The flavors in the salad were such that the pansy flavor was easily noticed. They are fairly delicate in flavor, though, especially when compared to nasturtiums, which I adore and use all summer long.

    Yes, I have used daylily petals in salads, along with nasturtium and roses. I have not yet made daylily fritters, though considering the amount of daylily plants I see coming up in my new yard, I feel that fritters may well be in my future!

    Comment by Barbara Fisher — April 18, 2005 #

  4. I’ve had commercially made rose petal jam but hadn’t really thought about using the rose petals from our old rose. And also had rosewater in Indian food. It only blooms once in early summer. I’ll try to remember! Is it better to use the petals or the whole flower? (Our rose looks like a wild rose – flat faced)

    That’s very odd. I’ve never really been able to taste anything with pansies or day lilies. They have a lovely sweet scent but not much flavour to speak of. I find the same with zucchini blossoms. (Yikes! Maybe my tastebuds are dead!)


    Comment by ejm — April 18, 2005 #

  5. I doubt your tastebuds are dead, Elizabeth; pansies and day lilies just have very subtle, faint flavors.

    For all that I have had sinus and allergy problems my entire life, my sense of smell is very strong, and my palate is fairly developed. That, and I have made a hobby out of discerning what ingredients go into various dishes by ferreting them out by taste and scent. Even with Indian food, I am able to do this, so it is not surprising I can taste lots of different very faint flavors that are more scents than anything.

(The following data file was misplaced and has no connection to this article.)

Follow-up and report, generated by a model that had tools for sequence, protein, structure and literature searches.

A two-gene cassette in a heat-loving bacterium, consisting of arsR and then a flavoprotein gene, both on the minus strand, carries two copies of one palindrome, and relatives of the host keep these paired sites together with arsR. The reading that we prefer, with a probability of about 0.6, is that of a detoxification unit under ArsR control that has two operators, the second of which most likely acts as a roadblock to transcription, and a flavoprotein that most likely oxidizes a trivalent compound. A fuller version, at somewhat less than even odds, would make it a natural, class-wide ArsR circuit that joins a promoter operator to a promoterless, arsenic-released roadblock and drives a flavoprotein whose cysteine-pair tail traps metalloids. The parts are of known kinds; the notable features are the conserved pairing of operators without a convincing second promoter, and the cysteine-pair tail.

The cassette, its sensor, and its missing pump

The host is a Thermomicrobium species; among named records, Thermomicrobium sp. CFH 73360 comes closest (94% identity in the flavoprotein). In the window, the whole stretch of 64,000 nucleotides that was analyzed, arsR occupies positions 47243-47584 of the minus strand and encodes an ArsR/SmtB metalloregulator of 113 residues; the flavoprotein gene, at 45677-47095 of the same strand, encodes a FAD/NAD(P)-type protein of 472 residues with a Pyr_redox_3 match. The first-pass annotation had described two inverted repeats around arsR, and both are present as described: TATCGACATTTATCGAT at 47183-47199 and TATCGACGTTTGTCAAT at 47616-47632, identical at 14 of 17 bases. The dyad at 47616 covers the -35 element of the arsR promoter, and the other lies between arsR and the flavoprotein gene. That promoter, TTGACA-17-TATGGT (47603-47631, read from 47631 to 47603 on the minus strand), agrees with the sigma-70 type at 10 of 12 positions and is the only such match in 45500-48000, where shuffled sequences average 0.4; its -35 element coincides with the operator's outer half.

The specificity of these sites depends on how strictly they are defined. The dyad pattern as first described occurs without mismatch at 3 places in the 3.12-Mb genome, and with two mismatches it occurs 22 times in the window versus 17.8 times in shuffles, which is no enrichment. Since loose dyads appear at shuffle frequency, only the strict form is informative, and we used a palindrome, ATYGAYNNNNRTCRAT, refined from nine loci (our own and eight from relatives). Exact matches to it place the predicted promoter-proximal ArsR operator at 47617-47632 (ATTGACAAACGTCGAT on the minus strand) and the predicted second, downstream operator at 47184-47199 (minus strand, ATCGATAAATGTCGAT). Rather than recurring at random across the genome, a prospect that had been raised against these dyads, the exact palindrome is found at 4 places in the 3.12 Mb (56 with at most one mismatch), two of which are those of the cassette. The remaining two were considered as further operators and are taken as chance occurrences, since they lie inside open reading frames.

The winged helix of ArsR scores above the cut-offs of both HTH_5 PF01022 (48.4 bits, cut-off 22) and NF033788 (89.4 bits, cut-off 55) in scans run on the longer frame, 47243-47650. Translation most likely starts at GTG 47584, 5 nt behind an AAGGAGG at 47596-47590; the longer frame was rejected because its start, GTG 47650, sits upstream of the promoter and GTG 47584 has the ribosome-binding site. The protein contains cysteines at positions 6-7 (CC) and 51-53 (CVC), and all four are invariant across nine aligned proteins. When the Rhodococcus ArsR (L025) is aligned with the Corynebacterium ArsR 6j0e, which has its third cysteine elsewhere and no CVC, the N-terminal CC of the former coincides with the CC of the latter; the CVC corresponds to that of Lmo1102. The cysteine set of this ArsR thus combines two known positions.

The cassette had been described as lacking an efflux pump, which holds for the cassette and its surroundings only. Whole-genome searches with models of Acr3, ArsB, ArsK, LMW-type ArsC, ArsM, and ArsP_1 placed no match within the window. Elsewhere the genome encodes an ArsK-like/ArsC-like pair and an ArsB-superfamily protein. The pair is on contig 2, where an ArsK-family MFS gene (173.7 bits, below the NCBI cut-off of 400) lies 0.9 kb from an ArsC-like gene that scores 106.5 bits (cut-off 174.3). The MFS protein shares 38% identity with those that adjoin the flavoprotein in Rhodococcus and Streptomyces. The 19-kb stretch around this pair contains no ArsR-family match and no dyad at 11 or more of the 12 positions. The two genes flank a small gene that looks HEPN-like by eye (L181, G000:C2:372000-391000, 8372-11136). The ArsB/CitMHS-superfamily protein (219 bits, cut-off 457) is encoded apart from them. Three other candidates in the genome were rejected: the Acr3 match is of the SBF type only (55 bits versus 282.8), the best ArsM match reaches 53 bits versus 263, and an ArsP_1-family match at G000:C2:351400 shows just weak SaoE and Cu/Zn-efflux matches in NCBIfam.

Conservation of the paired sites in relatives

To me, pansies have a very light, pleasant floral scent; to many people, they have no scent at all. But every time I go near my windowboxes which are full of pansies in order to deadhead them, a whisper of the scent of violets wafts up from them on the slightest breeze. It is very nice, though most folks think I am nuts when I say that they smell good.

    Comment by Barbara Fisher — April 18, 2005 #

  6. I agree that pansies have a lovely scent – sweet and ever so slightly spicy. I too can distinguish flavours and scents (though perhaps not as well as you). It’s just the pansie flavour that eludes me. I think perhaps I have teamed pansies with food that overpowers them.

    The day lily flowers are more vegetal in aroma (as I recall – I’ll be better equipt to say in a few months. Our day lilies are only just now sprouting up after their hibernation.) But for me, equally tasteless. I will have to try them again on their own to see if I can’t locate their flavour so that I’ll be able to taste it still when eating other things.


    Comment by ejm — April 20, 2005 #